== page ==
Car companies expected a new drop in sales due to the pressure from the Central Bank of Egypt’s (CBE) decision to raise the benchmark interest rate for the second time in less than two months.
A member of the board of directors of the Bavarian Automotive Group and the general manager of Brilliance Egypt, Khalid Saad, said that the decision of the CBE to raise the interest rate on deposits and loans by 2% is in favour of the citizen who depends on that interest and does not have direct investments in the local market.
Nevertheless, the decision will not serve the investment inflow, especially in the auto sector, which hasn’t even recovered yet from the similar interest hike decision in May only to be hit again.
He pointed out that the people wishing to invest would prefer to do so in banks rather that in risky projects.
In addition, Saad revealed that the 70% of car sales are mainly fuelled by loans, where only 30% of sales are made in cash purchases.
Moreover, he predicted that the decision to raise the interest rate will be followed by a decline in car sales more than the current rates. The customer who resorts to borrowing does not already have the necessary financial resources to qualify for direct payments, thus increasing the interest will limit the number of customers.
Meanwhile Osama Aboul Magd, president of the Association of Car Dealers, expressed his deep concern about the impact of the decision to raise interest rates on the auto sector, especially with the subsequent decline in sales following the pound flotation.
He added that the sector has not yet recovered from the consecutive increases in car prices as a result of the rise in the exchange rate and fuel prices. Aboul Magd called for the provision of soft loans for those wishing to buy cars without loading the new interest, which he believes will hit the sector and increase the suffering more than it already is.
Citizens could no longer afford to buy new cars, and the alternative was to resort to second-hand ones that did not revive trade, such as buying and licensing a new car, according to Aboul Magd.
Ahmed Al-Gookh, director of Ezz Motors, agreed that raising interest rates on lending would curb the sales of cars that rely on bank loans, but expected sales to rebound in the coming year for cars that are paid by cash.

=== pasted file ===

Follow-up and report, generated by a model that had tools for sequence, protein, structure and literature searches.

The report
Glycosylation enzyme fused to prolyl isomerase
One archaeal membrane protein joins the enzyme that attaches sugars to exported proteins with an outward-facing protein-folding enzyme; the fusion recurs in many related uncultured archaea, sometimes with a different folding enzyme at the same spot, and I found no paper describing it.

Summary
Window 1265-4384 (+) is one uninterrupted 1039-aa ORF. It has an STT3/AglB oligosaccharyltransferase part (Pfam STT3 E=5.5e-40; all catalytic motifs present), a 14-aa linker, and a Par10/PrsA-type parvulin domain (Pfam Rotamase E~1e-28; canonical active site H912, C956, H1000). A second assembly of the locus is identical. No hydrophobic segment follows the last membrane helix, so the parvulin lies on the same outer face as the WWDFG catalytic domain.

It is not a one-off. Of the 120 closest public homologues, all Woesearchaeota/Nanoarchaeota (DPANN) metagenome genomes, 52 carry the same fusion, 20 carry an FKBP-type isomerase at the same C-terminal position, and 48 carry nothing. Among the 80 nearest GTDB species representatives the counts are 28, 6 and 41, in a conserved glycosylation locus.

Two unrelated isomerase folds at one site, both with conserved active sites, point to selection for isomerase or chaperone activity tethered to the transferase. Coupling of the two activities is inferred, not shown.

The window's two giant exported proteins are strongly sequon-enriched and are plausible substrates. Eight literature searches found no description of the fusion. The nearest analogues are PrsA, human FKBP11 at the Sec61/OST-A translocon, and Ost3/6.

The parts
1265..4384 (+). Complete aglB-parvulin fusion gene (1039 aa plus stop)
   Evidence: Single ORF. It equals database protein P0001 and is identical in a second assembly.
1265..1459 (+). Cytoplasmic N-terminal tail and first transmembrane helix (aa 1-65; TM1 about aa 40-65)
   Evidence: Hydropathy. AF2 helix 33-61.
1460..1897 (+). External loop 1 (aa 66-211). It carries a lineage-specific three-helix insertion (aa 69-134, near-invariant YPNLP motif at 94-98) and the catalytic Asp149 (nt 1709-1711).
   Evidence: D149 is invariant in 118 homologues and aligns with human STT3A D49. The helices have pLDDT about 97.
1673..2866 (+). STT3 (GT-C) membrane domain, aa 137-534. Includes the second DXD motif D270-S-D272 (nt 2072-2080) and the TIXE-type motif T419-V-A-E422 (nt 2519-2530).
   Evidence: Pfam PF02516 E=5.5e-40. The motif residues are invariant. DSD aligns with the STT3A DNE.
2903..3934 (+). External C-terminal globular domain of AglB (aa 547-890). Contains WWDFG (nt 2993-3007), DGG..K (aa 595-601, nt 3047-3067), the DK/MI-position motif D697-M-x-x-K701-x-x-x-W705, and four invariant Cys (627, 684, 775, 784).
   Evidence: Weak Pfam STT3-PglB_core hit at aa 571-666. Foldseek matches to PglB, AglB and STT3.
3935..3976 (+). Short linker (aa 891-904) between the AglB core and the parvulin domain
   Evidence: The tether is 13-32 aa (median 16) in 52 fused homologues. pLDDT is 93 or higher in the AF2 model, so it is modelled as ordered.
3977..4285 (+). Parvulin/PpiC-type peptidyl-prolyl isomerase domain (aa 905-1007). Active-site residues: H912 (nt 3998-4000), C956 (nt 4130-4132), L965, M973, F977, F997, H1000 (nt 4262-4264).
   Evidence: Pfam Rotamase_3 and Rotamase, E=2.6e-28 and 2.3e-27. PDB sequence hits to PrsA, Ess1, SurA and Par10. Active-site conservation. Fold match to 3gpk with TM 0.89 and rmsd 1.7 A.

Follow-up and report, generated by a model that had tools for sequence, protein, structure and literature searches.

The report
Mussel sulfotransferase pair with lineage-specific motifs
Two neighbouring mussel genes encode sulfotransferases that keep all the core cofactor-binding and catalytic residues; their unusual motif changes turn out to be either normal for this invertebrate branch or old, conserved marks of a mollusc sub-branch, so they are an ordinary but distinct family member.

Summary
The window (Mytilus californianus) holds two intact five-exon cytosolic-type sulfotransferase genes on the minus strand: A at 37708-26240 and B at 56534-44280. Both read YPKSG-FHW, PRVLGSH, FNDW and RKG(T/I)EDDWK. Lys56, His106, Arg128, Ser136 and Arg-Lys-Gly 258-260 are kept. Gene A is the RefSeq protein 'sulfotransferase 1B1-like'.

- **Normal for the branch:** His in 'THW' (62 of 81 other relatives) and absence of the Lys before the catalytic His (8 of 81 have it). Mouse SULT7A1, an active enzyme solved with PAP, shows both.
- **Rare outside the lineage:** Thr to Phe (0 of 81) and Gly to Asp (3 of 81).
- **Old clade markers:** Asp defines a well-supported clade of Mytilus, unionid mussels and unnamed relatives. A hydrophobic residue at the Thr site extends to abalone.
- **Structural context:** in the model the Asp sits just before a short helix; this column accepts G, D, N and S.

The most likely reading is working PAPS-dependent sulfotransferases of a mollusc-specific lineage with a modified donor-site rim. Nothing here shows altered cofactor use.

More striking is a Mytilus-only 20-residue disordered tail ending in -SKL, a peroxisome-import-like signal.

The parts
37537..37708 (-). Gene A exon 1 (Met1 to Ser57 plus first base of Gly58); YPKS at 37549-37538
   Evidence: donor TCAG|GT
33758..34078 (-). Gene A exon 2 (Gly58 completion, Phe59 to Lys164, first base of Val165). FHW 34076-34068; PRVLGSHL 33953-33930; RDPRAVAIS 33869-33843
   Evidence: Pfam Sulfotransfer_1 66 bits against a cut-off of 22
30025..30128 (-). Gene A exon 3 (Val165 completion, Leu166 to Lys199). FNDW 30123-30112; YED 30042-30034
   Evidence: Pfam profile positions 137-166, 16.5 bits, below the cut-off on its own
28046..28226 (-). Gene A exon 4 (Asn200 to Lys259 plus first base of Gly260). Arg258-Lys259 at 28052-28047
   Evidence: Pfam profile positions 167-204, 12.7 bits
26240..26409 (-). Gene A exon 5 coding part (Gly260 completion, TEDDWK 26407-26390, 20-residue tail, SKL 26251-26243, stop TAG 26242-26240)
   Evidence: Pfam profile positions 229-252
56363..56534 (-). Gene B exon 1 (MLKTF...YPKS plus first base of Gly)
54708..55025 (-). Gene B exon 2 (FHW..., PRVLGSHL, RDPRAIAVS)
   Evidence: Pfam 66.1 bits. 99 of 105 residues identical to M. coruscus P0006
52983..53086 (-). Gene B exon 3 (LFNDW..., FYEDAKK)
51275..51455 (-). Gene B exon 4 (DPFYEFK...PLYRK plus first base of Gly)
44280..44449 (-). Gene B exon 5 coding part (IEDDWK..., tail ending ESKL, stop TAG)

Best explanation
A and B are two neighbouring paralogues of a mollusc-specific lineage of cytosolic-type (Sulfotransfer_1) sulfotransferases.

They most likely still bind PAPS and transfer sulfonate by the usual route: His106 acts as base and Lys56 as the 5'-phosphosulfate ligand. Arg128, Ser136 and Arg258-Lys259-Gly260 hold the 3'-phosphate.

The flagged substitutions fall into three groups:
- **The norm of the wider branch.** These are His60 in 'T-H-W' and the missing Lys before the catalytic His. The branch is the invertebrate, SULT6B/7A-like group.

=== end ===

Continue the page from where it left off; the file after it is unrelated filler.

Al-Gokh believes that the decision will lead to a majority of customers resorting to the second-hand market in the coming year.
Car sales fell 28.8% in 2016 (when 198,300 units where sold) in comparison to 2015 (when the market saw the sales of 278,000 units).
The demand for private units fell by 27%, recording 141,900 vehicles, compared to 195,500 cars by the end of December 2015.
Bus sales fell by 35% in 2016, when 21,200 units were sold as compared to 32,500 units a year earlier, and the sale of lorries fell 30% to 35,000, compared to 50,000 lorries in 2015.
According to the Automotive Marketing Information Council (AMIC) report, sales from the beginning of 2017 to the end of April 2017 fell by 45.7% to 36,098 units compared with 66,434 units in the corresponding period of 2016.
Private cars sales fell by 42% to 26,035 vehicles, compared with 44,930 cars.
Bus sales fell 52% to 4,014 buses versus 8,449 units during the first four months of 2017 and 2016 respectively.
Lorry sales fell by 54% to 6,049 units versus 13,055 lorries.
The ddemand for locally assembled cars fell by 43.1% to 18,893 units from the beginning of 2017 to April 2017, compared to 33,198 units in January 2016 to the end of April 2016. Imports also fell by 48.2% to 17,205 vehicles, compared with 33,236 vehicles during the period of comparison.
Local car sales decreased 36.9% to 11,384 vehicles, compared to 18,036 vehicles. Sales of imported passenger cars dropped 45.5% to 14,651 vehicles versus 26,894 vehicles.
Local bus sales declines 47.6% to 1,242 compared to 2,372 buses, while sales of imported buses decreased by 69.3% to record 608 buses compared to 1,983 buses.
Domestic lorry sales recorded a decrease of 55.8% to 2,074 compared to 4,697 lorries, while imported lorry sales decreased by 48.3% to 1,940 sold by the end of April 2017 compared to 3,752 units by the end of April 2016.
Chevrolet topped the top 10 bestselling brands in the Egyptian market in April 2017, after acquiring 29% of sales and sold 2,748 cars compared to 3,569 cars in April 2016.
While Nissan came in second place with 1,425 sales, accounting for 15% of total sales. Hyundai finished third with 1,384 vehicles, accounting for 14%.
Toyota achieved sales of 858 vehicles, ranking fourth with 9% of the market. Mitsubishi came in the fifth place with 548 units with a 6% acquisition, followed by Renault at 496 with a 5% share of car sales during April 2017.
Chery was ranked seventh, with 410 units sold—and with 309 units sold, Opel come in eighth place. Mercedes sold 310 units, putting it in ninth place, and Suzuki sold 229 units to come in the tenth position.